These are serious complaints of a type that, in disciplines that respect scholarly standards, have been known to lead to censure or worse. Why has so little notice been taken of the scarcity of Gilligan’s evidence? I see at least two explanations. First of all, in the Harvard School of Education, where Gilligan held her professorship, the standards for acceptable research are very different from those in other Harvard departments. Second, Gilligan writes on “gender theory,” which immediately confers ideological sensitivity on her findings. The political climate makes it very awkward for anyone (especially a man) to criticize her. Apart from the small group of feminist critics who bristled at her suggestion that men and women are different, few academics have dared to suggest that the empress had no clothes.

Gilligan’s defenders will argue that to criticize her for her shortcomings as an empirical psychologist is to miss the point. The true power of In a Different Voice, they say, has little to do with proving this or that claim about male and female behavior. It is groundbreaking research because it advanced the idea that past psychological research was largely a male-centered discipline based on the experiences of only half the human race. Gilligan revolutionized modern psychology by introducing women’s voices into a social science tradition that had systematically ignored them.

There is merit to this argument. Gilligan was not the first to urge that women be studied directly, rather than by way of male models, but she was more effective than anyone at getting that message through to both scholars and the wider public. For this she deserves credit. Moreover, at a time (in the early 1980s) when women’s scholarship was blinkered by the dogma that men and women were cognitively interchangeable, Gilligan’s “difference feminism” was refreshing. But her specific and much-celebrated claim about women’s distinctive moral voice turns out to be nothing more than a seductive hypothesis, without evidential basis.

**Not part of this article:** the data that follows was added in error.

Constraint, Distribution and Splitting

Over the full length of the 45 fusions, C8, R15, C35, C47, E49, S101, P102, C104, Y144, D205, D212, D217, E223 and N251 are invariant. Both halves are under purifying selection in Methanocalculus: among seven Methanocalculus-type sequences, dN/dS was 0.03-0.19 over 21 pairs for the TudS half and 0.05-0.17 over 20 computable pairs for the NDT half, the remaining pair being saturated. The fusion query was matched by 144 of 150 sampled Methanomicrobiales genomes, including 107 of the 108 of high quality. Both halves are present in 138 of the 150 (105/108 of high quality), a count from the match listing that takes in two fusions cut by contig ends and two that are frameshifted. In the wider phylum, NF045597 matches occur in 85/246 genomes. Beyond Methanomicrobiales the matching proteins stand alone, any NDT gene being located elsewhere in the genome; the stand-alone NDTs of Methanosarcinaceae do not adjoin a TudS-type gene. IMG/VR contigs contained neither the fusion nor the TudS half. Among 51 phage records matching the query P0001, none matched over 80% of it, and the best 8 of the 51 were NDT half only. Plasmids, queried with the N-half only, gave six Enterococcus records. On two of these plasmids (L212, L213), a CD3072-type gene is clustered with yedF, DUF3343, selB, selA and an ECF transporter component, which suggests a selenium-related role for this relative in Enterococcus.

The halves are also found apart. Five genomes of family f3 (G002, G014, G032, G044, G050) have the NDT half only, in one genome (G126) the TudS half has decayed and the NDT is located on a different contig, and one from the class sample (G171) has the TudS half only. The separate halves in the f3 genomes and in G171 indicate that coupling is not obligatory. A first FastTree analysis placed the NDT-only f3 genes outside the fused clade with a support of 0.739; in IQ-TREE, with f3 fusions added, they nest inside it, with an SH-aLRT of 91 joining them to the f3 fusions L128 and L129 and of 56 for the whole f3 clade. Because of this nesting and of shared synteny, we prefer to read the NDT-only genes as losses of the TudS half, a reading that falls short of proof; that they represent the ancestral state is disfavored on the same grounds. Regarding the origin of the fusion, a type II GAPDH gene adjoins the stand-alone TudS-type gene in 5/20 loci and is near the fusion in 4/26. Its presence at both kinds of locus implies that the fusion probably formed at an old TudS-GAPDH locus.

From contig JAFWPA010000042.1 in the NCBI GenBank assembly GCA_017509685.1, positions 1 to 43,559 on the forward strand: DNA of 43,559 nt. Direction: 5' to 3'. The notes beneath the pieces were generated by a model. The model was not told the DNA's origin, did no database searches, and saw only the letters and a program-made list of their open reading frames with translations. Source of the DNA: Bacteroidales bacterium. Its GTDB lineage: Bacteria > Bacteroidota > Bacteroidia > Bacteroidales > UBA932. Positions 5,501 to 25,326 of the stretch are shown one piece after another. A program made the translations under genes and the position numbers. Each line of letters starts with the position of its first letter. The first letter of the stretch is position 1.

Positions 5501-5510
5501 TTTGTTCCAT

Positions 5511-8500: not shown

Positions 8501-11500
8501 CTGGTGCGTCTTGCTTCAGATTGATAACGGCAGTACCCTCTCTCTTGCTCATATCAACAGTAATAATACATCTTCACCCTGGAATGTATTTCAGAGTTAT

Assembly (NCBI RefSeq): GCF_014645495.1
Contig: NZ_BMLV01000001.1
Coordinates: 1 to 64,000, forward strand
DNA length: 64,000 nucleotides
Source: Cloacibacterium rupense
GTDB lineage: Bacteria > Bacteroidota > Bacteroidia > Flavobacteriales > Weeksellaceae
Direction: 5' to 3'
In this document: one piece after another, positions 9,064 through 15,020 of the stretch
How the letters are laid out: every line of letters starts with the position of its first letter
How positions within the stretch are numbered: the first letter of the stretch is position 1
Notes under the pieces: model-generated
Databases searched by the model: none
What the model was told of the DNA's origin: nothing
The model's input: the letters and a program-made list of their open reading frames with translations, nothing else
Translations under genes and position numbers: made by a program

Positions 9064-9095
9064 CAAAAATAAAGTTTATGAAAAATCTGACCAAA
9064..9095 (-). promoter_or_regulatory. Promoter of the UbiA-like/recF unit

With the success of In a Different Voice and with the considerable resources available to her at Harvard, Gilligan might have gone on to answer her scholarly critics. She might have refined her thesis about male and female differences in moral reasoning and done the genuine research scholars expected of her. She might have tried to put her purported discoveries on a scientific footing. But that is not what she did. In the years following publication of In a Different Voice, Gilligan’s methods remained anecdotal and impressionistic, with increasingly heavy doses of psychoanalytic theorizing and gender ideology.63 Her research on adolescent girls in Making Connections is a case in point. The gloomy picture of adolescent girls that she presented to Ms., the AAUW, and a concerned public is every bit as distorted as any ever presented by social scientists using (in Gilligan’s words) “androcentric and patriarchal norms.”64